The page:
2.9.4.1. if he follows the essence of the monotheistic idea, does not pray for anything, does not expect anything from God;

2.9.4.2. he does not love God as a child loves his father or his mother;

2.9.4.3. he has acquired the humility of sensing his limitations, to the degree of knowing that he knows nothing about God.

2.9.4.4. God becomes to him a symbol in which man, at an earlier stage of his evolution, has expressed the totality of that which man is striving for, the realm of the spiritual world, of love, truth and justice.

2.9.5. Writer's Opinion

2.9.5.1. the concept of God is only a historically conditioned one

2.9.5.2. God is concept in which man has expressed:

2.9.5.2.1. his experience of his higher powers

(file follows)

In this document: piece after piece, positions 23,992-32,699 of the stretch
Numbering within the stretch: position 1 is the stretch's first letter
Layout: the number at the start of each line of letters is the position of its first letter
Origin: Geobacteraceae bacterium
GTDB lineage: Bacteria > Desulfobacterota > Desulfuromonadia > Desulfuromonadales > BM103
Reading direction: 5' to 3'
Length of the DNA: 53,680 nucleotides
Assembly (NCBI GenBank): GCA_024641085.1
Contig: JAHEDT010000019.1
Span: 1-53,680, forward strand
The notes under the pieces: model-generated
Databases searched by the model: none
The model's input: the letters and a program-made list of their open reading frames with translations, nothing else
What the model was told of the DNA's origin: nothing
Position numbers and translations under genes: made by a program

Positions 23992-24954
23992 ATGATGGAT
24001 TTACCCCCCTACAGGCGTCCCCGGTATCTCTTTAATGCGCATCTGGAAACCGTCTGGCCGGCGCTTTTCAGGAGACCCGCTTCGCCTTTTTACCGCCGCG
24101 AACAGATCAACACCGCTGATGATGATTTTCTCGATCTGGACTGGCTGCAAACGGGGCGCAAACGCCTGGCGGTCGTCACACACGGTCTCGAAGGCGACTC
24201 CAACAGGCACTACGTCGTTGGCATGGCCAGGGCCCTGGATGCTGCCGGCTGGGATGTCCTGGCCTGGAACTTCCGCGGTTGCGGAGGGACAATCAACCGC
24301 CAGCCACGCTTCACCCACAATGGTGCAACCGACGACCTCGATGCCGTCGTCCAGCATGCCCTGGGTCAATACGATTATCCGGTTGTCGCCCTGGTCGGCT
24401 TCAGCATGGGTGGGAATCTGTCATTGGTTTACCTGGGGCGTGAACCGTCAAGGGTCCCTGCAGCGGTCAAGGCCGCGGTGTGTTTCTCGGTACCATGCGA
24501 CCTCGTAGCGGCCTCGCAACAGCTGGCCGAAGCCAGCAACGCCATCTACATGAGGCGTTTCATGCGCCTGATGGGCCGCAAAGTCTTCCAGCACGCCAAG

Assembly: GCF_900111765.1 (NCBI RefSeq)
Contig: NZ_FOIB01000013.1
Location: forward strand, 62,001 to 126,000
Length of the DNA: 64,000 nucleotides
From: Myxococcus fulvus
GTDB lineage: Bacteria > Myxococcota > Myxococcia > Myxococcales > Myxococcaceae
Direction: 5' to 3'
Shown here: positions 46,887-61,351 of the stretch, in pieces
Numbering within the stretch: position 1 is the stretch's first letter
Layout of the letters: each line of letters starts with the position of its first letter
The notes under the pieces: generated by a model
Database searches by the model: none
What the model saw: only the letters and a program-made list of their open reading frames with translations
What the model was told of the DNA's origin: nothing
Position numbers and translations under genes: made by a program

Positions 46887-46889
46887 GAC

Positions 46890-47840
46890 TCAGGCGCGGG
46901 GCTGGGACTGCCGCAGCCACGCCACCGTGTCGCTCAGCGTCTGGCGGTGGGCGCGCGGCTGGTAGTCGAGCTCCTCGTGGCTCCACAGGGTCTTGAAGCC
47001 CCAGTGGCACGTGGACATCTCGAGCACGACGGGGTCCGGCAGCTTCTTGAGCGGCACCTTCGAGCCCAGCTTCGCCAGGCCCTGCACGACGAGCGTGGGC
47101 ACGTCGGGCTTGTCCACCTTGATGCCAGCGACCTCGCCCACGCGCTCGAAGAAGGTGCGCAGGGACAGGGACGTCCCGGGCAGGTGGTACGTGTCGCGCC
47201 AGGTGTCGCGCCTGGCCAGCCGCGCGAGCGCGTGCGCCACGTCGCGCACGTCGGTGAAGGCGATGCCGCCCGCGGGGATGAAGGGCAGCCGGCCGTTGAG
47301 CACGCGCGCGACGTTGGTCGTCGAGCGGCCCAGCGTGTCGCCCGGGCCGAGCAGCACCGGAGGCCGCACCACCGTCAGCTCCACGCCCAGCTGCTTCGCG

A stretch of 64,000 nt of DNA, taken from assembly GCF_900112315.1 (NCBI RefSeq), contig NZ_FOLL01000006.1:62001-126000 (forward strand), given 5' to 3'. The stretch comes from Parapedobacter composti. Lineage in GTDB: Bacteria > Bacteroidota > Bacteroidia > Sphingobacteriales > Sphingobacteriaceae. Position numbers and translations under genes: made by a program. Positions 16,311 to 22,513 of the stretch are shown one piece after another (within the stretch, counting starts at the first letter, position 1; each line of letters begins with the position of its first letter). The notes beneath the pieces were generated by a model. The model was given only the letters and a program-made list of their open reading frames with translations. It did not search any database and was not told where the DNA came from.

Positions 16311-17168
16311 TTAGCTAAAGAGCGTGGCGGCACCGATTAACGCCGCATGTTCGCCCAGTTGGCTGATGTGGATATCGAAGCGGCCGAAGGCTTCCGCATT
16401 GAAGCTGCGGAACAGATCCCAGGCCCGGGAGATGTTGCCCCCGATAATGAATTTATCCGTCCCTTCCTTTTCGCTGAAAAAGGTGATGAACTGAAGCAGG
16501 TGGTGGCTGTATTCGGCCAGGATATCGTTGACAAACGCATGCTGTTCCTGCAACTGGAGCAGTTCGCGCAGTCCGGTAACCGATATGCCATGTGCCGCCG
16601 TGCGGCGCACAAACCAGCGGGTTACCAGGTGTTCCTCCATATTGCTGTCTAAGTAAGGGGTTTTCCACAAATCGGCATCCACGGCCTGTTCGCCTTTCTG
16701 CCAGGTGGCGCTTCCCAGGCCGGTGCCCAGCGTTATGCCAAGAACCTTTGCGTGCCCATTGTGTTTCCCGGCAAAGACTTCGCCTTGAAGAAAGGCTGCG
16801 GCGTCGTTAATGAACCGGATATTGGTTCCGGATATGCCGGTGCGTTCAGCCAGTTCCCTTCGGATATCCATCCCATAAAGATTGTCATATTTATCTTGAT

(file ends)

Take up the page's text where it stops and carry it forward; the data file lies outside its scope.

2.9.5.2.2. his longing for truth and for unity at a given historical period

2.10. Love of God in Eastern and Western Religions

2.10.1. Western Religious THought -- Love of God as Thought Experience

2.10.1.1. Love of God is essentially the same as:

2.10.1.1.1. Belief in God

2.10.1.1.2. God's Existence

2.10.1.1.3. God's Justice

2.10.1.1.4. God's love

2.10.2. Eastern Religious Thought -- Experience of God is experience of Oneness/Paradox

2.10.2.1. Oneness is love experienced in all acts of living

2.10.2.2. Paradoxical logic

2.10.2.2.1. leads to the conclusion that the love of God is neither the knowledge of God in thought, nor the thought of one’s love of God

2.10.2.2.2. leads to the conclusion that the love of God is the act of experiencing the oneness with God.

2.10.2.3. One key difference between eastern and western religious attitudes

2.10.2.3.1. the place of logical concepts in religious practice and thought;

2.10.2.3.2. Western religious thought

2.10.2.3.3. Eastern religious thought